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They are also skilled in other aspects that are closely related to the protection of living quarters and surrounding areas.
What’s more, they know very well that many homeowners want to get their hands dirty on tasks such as unblocking drains but won’t mind a little advice on this issue.
As a serious do it yourself fundi, you might want to get your hands dirty and stuck in sludge, but you need a little guidance in doing so. This is where roofers can provide practical advice to help you drain the affected area. Remember that in some parts of America it is considered illegal to do plumbing work yourself unless you are a certified plumber.
See the following guide if you can do it yourself:
- The first step, buy a plunger
- The second step, find the vent that overflows and cover it with a wet cloth. Make sure you close the second channel if you intend to work on the double sink. Bathrooms equipped with interconnected pipes must have all drains closed and ventilation areas. Also, make sure you apply Vaseline to the edge of your plunger, then fill your sink with enough water to cover your plunger head
- The third step is to plunge until the pressure finally forces the blockage to come out. Make sure you cover the entire channel with the plunger before starting to push it up and down. A good rule of thumb is to aim for at least 15 plunges or more before you stop. Don’t give up if you don’t succeed. Try again and again.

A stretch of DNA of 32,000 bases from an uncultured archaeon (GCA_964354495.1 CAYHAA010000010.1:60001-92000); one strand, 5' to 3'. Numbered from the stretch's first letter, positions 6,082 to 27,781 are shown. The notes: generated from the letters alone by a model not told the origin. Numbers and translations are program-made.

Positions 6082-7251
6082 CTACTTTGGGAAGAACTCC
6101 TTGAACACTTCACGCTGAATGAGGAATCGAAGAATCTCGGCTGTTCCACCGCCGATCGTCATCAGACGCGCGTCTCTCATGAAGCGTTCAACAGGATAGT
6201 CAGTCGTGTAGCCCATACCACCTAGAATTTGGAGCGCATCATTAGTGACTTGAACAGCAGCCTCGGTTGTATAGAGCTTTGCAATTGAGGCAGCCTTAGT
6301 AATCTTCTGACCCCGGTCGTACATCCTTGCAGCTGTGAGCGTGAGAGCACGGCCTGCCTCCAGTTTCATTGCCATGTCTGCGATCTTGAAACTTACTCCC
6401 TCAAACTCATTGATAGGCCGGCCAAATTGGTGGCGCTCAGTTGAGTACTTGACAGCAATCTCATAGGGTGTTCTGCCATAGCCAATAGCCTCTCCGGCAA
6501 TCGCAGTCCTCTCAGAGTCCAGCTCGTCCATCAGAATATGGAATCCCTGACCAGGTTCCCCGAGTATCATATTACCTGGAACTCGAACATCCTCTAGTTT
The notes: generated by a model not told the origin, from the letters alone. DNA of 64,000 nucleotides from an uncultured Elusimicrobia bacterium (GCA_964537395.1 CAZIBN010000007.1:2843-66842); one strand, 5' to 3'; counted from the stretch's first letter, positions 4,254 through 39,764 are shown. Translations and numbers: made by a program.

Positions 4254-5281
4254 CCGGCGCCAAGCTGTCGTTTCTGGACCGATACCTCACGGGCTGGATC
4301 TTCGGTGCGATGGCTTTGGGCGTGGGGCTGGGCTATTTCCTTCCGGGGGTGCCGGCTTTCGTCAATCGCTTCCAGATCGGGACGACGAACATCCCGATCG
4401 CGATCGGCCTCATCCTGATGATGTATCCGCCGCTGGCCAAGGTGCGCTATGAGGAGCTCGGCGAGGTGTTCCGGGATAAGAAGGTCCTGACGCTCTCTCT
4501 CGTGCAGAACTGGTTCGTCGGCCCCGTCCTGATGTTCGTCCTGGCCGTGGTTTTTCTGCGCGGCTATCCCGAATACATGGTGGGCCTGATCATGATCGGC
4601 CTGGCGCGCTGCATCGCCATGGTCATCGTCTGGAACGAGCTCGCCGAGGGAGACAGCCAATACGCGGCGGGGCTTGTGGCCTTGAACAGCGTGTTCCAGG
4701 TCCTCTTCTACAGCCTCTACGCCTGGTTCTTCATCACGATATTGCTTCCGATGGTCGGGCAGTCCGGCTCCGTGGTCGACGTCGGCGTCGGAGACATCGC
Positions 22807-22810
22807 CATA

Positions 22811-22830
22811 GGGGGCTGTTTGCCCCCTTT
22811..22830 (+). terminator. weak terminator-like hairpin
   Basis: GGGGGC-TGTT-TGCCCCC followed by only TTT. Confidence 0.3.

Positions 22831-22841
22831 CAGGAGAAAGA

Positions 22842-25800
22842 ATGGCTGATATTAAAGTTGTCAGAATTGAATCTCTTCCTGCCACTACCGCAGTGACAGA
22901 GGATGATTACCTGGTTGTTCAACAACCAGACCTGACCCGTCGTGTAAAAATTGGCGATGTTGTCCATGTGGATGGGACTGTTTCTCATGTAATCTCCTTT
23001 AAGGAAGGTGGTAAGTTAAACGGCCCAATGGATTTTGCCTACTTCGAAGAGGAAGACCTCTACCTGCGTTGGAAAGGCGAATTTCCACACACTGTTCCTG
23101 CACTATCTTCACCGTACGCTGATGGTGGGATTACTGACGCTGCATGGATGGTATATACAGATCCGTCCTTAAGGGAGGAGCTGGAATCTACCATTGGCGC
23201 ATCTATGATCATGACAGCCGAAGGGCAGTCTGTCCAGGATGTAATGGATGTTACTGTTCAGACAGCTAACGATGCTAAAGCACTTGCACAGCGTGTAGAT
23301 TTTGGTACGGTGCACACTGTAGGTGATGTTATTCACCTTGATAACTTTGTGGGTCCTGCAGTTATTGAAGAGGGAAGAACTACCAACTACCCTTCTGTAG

- Next, you need to pour a strong chemical drain cleaner for a small blockage. The contractor does not recommend that you do this for full obstructions because some chemicals are not suitable for specific equipment
If this does not work, then you should try the auger trap where you will remove the drain filter, then feed the auger wire inside the blocked drain. Make sure you continue to roll the handle while tightening and loosening the screw while the wire drops a little further into the sewer. When you hit something, is when you have to pull the wire back and forth after that you will gently release the auger wire, but do it slowly.
If there is still no luck, then you might want to try picking up a bucket to remove the cleaning plug located under your sink to catch water and debris that is likely to spill? Take a wire hanger to try and remove the immovable object. If you don’t succeed, you should try the auger trap once again, but this time you will feed it up.
If after all the trying and sweating you might find that your house is now flooded, and you desperately need a contractor to come to your rescue. They will use their water jetter and special camera drain equipment …